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New Additions to Celebrating the Love of Art

La Motte invites art-lovers to visit Celebrating the love of Art – a personal selection by Hanneli Rupert-Koegelenberg, an exhibition of rare and important artworks from both owner and family collections.

The works on show have been specially selected and allow insight into the family's well-documented love for art. Celebrating the love of Art is on exhibition in the La Motte Museum until 25 July 2021. Read more

While the exhibition opened in January 2020 already, the works have been on rotation and two exceptional new pieces have just been added to the collection: Three Boys by Marianne Podlashuc and The Eternal Child by Irma Stern.

Marianne Podlashuc. Three Boys. 1960. Oil on board. Collection: Rupert Art Foundation, Stellenbosch

Marianne Podlashuc. Three Boys. 1960. Oil on board. Collection: Rupert Art Foundation, Stellenbosch

Marianne Podlashuc's Three Boys, was used as the front cover illustration for the Penguin Modern Classics edition of Alan Paton’s iconic work of South African literature, Cry the Beloved Country. Esmé Berman describes the stylised image as a powerful manifestation of Podlashuc’s response to the realities of less privileged local communities. Hayden Proud similarly states that the stylised figuration of the bleakness and poverty of the children in the image is an expression of Podlashuc’s social conscience, which resulted in not only an artistically accomplished work but also a captivating political appeal. Read more.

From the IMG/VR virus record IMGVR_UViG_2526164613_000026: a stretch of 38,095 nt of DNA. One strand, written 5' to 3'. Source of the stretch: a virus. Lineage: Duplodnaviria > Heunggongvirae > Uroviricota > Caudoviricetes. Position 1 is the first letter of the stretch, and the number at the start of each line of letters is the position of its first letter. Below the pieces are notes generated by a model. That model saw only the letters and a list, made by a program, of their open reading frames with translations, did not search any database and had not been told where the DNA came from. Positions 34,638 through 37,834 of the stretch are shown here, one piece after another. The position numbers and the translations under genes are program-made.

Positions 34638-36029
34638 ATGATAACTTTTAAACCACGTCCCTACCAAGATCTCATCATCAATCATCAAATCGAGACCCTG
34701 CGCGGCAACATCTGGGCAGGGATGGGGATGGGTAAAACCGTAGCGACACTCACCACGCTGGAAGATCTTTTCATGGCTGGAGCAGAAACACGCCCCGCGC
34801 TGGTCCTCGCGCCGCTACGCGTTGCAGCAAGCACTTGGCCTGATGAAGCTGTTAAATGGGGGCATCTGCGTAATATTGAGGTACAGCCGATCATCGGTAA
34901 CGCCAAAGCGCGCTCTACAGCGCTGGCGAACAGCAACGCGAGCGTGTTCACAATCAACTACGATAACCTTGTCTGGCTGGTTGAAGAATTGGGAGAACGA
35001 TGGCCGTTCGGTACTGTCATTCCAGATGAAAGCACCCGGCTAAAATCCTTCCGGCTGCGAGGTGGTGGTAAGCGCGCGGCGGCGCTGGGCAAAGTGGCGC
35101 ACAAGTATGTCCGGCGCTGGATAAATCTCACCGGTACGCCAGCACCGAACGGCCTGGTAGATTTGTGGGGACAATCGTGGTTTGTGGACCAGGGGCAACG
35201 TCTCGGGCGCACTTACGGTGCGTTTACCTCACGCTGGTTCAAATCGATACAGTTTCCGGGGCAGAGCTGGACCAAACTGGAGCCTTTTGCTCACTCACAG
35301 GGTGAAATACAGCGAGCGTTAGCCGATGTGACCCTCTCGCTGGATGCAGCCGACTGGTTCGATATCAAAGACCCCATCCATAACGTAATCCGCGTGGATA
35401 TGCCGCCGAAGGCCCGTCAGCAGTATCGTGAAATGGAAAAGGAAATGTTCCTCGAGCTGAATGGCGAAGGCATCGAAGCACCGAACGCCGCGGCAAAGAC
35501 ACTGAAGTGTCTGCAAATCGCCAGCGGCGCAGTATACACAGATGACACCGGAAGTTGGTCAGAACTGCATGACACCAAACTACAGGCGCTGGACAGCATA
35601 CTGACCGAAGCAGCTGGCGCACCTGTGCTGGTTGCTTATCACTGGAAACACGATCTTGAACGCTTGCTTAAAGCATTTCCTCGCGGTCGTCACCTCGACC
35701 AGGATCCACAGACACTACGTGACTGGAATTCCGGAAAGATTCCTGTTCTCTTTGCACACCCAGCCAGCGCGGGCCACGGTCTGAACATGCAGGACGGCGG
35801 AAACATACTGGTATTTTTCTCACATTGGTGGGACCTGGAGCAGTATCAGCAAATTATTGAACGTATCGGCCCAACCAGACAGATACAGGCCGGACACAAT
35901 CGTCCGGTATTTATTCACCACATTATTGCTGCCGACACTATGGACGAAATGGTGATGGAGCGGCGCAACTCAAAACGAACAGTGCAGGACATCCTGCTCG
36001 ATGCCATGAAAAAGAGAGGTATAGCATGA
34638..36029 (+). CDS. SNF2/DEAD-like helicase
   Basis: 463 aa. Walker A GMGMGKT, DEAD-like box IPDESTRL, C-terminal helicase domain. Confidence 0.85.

Ima Stern. The Eternal Child. 1916. Oil on board. Collection: Rupert Art Foundation, Stellenbosch

Irma Stern. The Eternal Child. 1916. Oil on board. Collection: Rupert Art Foundation, Stellenbosch

Irma Stern painted The Eternal Child (Das Ewige Kind) in 1916. The picture is of a little girl wearing a red patterned dress with white collar and bow. She sits on the edge of a chair, clasping a bunch of wildflowers on her lap in small, bony hands. Her features were typical of malnourished children in Germany during the war, as is evident from her big head and underdeveloped body and wide-set dark eyes in her pale face. Stern encountered the girl on a tram one day and felt compelled to draw her to express the misery and distress that war inflicts on all lives. Read more

  • The La Motte Museum is open from Tuesday to Sunday, 09:00 - 17:00.
  • Entrance is complimentary.
  • The exhibition runs until 25 July 2020. (The Eternal Child will only be on exhibition until mid May 2021).
  • Museum contact info: / 021 876 8840.

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